Some famous and not so famous quotations:
“I really didn’t say everything I said.” (Yogi Berra)
Now let’s go back to what people where saying about the proposed Promenade Shopping Mall in 1999.
“The total ultimate taxpayer cost of the mall (Promenade) as proposed by the Agreement between the City of Peoria and the developers, will be about $99,930,000.00. If the Agreement were amended to remove the City’s obligations to provide on site improvements and Sales Tax Rebates, as recommended in E and F of above, the total taxpayer cost would still be $70,900,000.00.” (Bob McCord, President and Board Chairman, Illinois Mutual Insurance Company, 11/24/99)
“I suggest this community should let their elected officials know how they feel about all the ways Peoria can grow and still be affordable.” (Merle Widmer – PJS 1999)
“Bottom line for me is that that this project represents real investment in and real job opportunities for this community. Very few opportunities of this magnitude are offered to cities: let’s not miss it.” (Jan Wright Vergon, President of Illinois Business Publishers 11/30/99)
“8.23% of Peoria households, that’s 17,246 people here, receive some public assistance. The Promenade will create entry level jobs that will help with the transition of unemployed people into the workforce. It would be hard to imagine that anyone would be against the advances this (Promenade) has for the Peoria area.” (Sandy Moldovan, President, Clark Engineers, 11/30/99.)
“Our market studies indicate that the Promenade development would cause a significant sales transfer from Bergner’s Sheridan Village store.” (Paul E. Ruby, senior vice-president, Milwaukee based Saks, Inc. owner of Bergner’s)
“The results of too many stores chasing too few customers are clear. All you are doing is going after market share from other stores” (Daniel Nordstrom, Co-President, Nordstrom Department store, WSJ 5/28/1996)
“It’s a vast, zero sum game. They rob the public of funds that could be used to pay for better schools and roads.” (Robert Reich, former Secretary of Labor, 11/21/99, JS)
“I’m convinced that the strategy of the opponents of this project (Promenade) is to confuse, divide, delay and ultimately conquer. They’ve done a pretty good job at it.” (Then Mayor Bud Grieves, 8/8/99, Observer) In a headline in the JS dated approximately 12/20/99, then Mayor Grieves is quoted after the council declined to go along with his proposed $35.2 million mall-assistance package, “it’s the same as killing it. I think you know that.” (Addressing the city council when they voted 7-4 to delay a decision until 1/11.2000)
In a story in the Observer on 8/8/01, writer DeWayne Bartels said the developer was asking the city to rebate two-third of the property, sales and utility taxes generated for the project. (Promenade)
An ad appeared in the Journal Star on 11/29/99 listed the City Council people who were pro-subsidy as being of course Mayor Grieves, Charles Grayeb, John Morris Camille Gibson and Christopher Duncan. Morris and Grayeb are still on the City Council. Eric Turner is listed as undecided. Jim Ardis who is running for mayor was shown as against the tax subsidy.
“I believe District 150’s risk in this project is much greater than any other participant.” (Bradley University professor Robert Scott, JS, 1999)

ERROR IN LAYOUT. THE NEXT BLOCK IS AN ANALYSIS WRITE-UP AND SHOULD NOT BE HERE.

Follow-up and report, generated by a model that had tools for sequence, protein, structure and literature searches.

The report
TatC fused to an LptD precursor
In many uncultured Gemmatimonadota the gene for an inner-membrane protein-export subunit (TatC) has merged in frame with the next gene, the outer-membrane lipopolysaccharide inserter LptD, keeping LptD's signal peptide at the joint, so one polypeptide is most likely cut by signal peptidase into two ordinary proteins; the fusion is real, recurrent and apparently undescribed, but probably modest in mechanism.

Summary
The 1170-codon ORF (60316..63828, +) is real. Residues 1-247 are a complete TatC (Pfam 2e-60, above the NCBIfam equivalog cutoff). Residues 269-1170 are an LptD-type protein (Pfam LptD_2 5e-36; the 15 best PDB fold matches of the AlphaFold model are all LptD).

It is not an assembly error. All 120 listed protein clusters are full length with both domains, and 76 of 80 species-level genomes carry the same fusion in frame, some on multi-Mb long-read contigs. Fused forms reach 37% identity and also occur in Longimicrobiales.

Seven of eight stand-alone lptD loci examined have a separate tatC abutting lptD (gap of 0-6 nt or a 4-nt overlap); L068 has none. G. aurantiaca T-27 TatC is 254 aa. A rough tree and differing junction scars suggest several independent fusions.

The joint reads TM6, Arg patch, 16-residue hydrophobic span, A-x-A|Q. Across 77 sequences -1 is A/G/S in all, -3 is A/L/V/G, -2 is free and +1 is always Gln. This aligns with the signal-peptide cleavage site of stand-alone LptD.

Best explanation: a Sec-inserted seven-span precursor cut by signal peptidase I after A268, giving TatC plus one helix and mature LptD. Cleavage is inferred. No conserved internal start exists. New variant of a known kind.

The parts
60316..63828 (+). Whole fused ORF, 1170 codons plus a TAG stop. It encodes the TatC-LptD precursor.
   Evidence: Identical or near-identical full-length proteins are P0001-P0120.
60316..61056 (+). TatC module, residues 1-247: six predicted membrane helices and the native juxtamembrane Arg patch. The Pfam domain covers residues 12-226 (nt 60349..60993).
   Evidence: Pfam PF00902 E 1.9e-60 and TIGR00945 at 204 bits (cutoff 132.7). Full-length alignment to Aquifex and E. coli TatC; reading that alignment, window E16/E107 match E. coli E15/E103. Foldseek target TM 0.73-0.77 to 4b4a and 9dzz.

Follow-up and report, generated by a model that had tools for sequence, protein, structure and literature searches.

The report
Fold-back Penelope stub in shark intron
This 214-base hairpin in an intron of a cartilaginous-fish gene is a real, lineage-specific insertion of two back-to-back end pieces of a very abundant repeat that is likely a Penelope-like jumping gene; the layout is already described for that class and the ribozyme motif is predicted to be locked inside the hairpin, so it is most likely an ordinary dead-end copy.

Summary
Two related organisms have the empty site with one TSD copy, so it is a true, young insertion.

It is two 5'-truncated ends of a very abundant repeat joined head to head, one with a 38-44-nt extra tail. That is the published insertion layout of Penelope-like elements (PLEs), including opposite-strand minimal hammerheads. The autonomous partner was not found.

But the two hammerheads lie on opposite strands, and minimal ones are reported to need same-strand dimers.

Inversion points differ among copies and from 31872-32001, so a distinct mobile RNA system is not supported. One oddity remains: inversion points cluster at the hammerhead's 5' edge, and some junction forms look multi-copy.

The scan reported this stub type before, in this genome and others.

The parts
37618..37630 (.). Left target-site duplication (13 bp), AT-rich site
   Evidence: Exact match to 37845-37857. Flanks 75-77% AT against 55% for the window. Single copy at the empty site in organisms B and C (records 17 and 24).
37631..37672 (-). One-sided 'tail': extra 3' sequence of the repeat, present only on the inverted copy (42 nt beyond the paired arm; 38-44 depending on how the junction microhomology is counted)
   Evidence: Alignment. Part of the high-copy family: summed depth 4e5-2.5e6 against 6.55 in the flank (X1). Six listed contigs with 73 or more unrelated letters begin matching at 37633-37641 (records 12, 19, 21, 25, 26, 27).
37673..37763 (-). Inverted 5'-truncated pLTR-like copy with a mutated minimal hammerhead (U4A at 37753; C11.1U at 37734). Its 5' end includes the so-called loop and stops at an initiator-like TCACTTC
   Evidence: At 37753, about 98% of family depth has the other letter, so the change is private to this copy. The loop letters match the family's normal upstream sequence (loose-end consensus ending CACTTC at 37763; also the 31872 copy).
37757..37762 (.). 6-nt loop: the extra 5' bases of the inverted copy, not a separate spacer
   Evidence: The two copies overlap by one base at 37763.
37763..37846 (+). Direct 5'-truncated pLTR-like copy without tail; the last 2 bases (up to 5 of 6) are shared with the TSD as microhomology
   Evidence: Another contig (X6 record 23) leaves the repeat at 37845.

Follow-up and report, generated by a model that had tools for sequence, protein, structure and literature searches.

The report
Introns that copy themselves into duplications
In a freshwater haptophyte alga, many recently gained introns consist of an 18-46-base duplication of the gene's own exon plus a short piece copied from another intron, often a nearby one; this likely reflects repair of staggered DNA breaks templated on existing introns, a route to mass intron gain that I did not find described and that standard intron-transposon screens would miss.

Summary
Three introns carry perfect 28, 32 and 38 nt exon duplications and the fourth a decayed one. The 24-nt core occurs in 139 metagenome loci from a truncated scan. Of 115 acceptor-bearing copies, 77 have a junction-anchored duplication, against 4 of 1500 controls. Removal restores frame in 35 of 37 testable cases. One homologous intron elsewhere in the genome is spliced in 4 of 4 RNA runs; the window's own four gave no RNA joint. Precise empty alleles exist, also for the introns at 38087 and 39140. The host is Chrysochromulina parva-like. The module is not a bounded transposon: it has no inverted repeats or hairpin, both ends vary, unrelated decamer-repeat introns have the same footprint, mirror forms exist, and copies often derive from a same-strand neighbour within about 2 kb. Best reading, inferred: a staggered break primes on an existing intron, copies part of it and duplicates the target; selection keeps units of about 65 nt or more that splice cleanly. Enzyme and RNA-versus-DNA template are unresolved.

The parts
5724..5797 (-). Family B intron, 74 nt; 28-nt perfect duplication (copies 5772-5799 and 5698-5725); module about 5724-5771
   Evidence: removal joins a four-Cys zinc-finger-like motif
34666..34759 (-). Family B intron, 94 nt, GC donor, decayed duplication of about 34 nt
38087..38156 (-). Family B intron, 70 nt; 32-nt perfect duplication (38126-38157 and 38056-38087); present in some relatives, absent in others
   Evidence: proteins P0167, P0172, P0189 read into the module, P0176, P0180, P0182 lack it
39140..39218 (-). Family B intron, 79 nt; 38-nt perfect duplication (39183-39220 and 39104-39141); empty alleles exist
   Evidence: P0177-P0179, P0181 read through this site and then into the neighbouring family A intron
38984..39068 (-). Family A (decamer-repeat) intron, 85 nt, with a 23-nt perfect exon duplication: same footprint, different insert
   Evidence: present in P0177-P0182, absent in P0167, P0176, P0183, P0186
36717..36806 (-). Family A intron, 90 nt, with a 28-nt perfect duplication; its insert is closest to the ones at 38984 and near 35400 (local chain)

So what happened back in 1999-00? The Promenade was not built so the developer came back with a new project on the same site now known as the “Shoppes at Grand Prairie.” Lo and behold, the Shoppes were built with some but not nearly all the subsidies requested when the project was to be developed as the Promenade.
You have some extremely important elections coming. You will be tested to determine who is pro-growth at any cost and those who want to keep the community affordable. I have earned the disdain of some of the leadership of this community by my support of the capitalist form of government, who believes in not subsidizing one competitor in favor of another. I believe most in this community agree with me but by the clever manipulation of facts, some leaders, especially on the Chamber of Commerce Committee and the Journal Star, try to paint me as anti-growth. I also earned the undying disdain of the developer who stood to make millions of dollars more at taxpayer’s expense.
When I was first elected to the County Board, this developer wrote me a letter reminding me that I won by a small majority. Wonder who she will support for President, since Bush also won by a small majority?
“The fault of our cities are not the fault of decadence or impending decline, but exuberant vibrancy crowding it’s way forward with tremendous pressure” (author unknown)
Consider this as a lead in to my next subject “the Pere”, and one day I will tell the complete saga of the Riverplex and all those who are involved in trying to cover up the “facts.”
Note the article about the Riverplex in the JS by Sarah Okeson today. Note that she says “membership” not memberships!! Big difference, my friend has 9 members on one paying membership. If the Riverplex figures are correct, remember that one-third of the members or memberships are still free. I stand by my figures for 2003, $6,000.00 to $7,000.00 a day losses. Page 59 of the 2003 Park Financial statement shows a loss of $577,171.00 by the Riverplex fitness partner. Add in the other half the Park is responsible for and it totals $1,154.000.00 loss plus the approximately $850,000.00 principal and interest which the Park now says should not be figured in the cost of the Riverplex. Then you still have the $135,000.00 of operating expense for the Riverplex buried in a new $3,000,000.00 plus new bond issued in January, 2004. Then you have to guess what amount was credited by the park to the RiverPlex to reimburse them for the one-third free members. Not hard to figure!!